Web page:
The spouse comments her husband’s cognitive ability has taken a definite decline since her appointment six months ago. Gesticulating with her hand she shows how she has been shown the process of decline will be; horizontal for some time then a dip to a new horizontal plane. The doctor enlightens the couple the patient is probably the most documented patient he has, who he believes suffers from dementia with Lewy Bodies.
The patient is sturdy. At rest in the chair, he has no spontaneous movement. By his side, his wife types on her laptop while she listens to the doctor who speaks to the patient. He bought a mobile home for ten thousand dollars one day, and drove it home. The contract had no three days qualifying clause, so they could not return it. The wife concedes the children and grandchildren use it occasionally. She estimates it’s used four times a year. Driving has become a sore point, though he has a driver, who takes him where he needs to go. He thinks he may take a driving course, though the doctor discourages him, citing the fact that patient’s with parkinsonian syndromes lack “normal” spatial relations. Studies have shown patients tend to favor one side of the road, listing towards the curb, or the center of the thoroughfare. Whether or not they still retain the ability to shift quickly, they are hazardous to others.
His voice is soft, and the doctor leans across the desk to hear him. He would like to know what he can expect next, with the illness he has. The doctor comments there have been longitudinal studies on patients with parkinson’s disease, but none that he is aware of, of those diagnosed with Lewy body dementia. He speaks about a larger study enrolling people who suffered from dementia. Only seven to eight percent of those were thought to suffer from Lewy Body disease. Alzheimer’s disease is a more common cause of dementia.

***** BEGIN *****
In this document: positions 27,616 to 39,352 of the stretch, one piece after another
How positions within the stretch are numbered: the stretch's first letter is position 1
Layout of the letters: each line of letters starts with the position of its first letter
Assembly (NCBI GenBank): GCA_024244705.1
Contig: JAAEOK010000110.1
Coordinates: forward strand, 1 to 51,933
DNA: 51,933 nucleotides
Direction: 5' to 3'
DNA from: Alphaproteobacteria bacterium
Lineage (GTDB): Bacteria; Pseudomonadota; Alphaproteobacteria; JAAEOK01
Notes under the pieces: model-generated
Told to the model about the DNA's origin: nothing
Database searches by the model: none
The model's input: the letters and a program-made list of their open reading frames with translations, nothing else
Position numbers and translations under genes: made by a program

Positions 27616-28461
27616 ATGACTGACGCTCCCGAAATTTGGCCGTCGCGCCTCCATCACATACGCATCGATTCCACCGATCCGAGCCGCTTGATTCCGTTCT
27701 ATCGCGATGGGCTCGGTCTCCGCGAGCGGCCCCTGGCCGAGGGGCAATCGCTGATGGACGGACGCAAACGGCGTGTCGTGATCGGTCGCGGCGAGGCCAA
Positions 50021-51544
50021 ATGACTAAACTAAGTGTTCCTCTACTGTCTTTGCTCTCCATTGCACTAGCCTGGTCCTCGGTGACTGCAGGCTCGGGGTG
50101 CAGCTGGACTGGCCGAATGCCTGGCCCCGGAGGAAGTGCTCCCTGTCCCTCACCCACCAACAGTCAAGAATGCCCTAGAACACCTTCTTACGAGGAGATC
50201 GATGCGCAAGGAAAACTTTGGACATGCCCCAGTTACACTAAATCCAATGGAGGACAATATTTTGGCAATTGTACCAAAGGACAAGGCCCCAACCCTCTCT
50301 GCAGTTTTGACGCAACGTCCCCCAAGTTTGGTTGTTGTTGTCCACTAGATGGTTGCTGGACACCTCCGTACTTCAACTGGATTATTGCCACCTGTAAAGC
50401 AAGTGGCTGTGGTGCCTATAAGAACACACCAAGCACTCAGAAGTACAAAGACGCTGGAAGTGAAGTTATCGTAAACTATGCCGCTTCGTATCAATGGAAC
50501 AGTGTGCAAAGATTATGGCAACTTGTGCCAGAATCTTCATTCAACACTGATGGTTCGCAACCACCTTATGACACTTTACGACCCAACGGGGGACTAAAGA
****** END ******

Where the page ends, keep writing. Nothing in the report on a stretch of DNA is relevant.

None of the parkinsonian medications are useful for his symptoms. The doctor states they would worsen his quality of life by adding to the mental confusion, and tendency to hallucinate. Namenda and Aricept are two medications he takes to forstall mental decline. Vigorous physical exercise might help his condition, if he could motivate himself to do it. His wife agrees diet and exercise can go a long way to alleviating many ills, though she knows her spouse well. He attends silver sneakers, and a yoga class. The doctor encourages his yoga, and commends him for retaining interests he can engage in. Another desire is to ride horses. He has found a place, whether they will allow him on a horse, his wife is not sure.
Excerpt from article comparing DLB and AD
“Although cross-sectional studies have suggested similarities between DLB and AD in overall level of cognitive dysfunction, patients with DLB are reported to have more pronounced executive, attentional, and visuospatial deficits early in the course of the dementia. Several studies suggest that patients with DLB perform better than patients with AD on verbal recall tasks, but others have found no differences. Patients with DLB may have more difficulty with the free recall of declarative information in the context of relatively intact recognition memory. There have been fewer studies comparing progression of cognition in DLB and AD, and their results have been somewhat equivocal. In 3 studies, the rate of decline in global cognitive function was similar in AD and DLB Another noted faster decline in DLB. With regard to everyday functioning, 1 retrospective study found that patients with DLB were more likely to be institutionalized than patients with AD. However, both groups displayed a similar time to reaching an end point of moderate to severe functional impairment, as measured by the Blessed Dementia Rating Scale (BDRS).”
Karina Stavitsky, BS; Adam M. Brickman, PhD; Nikolaos Scarmeas, MD; Rebecca L. Torgan, BS; Ming-Xin Tang, PhD; Marilyn Albert, PhD; Jason Brandt, PhD; Deborah Blacker, MD; Yaakov Stern, PhD The Progression of Cognition, Psychiatric Symptoms, and Functional Abilities in Dementia With Lewy Bodies and Alzheimer Disease. Arch. of Neur. Oct. 2006, Vol 63, No. 10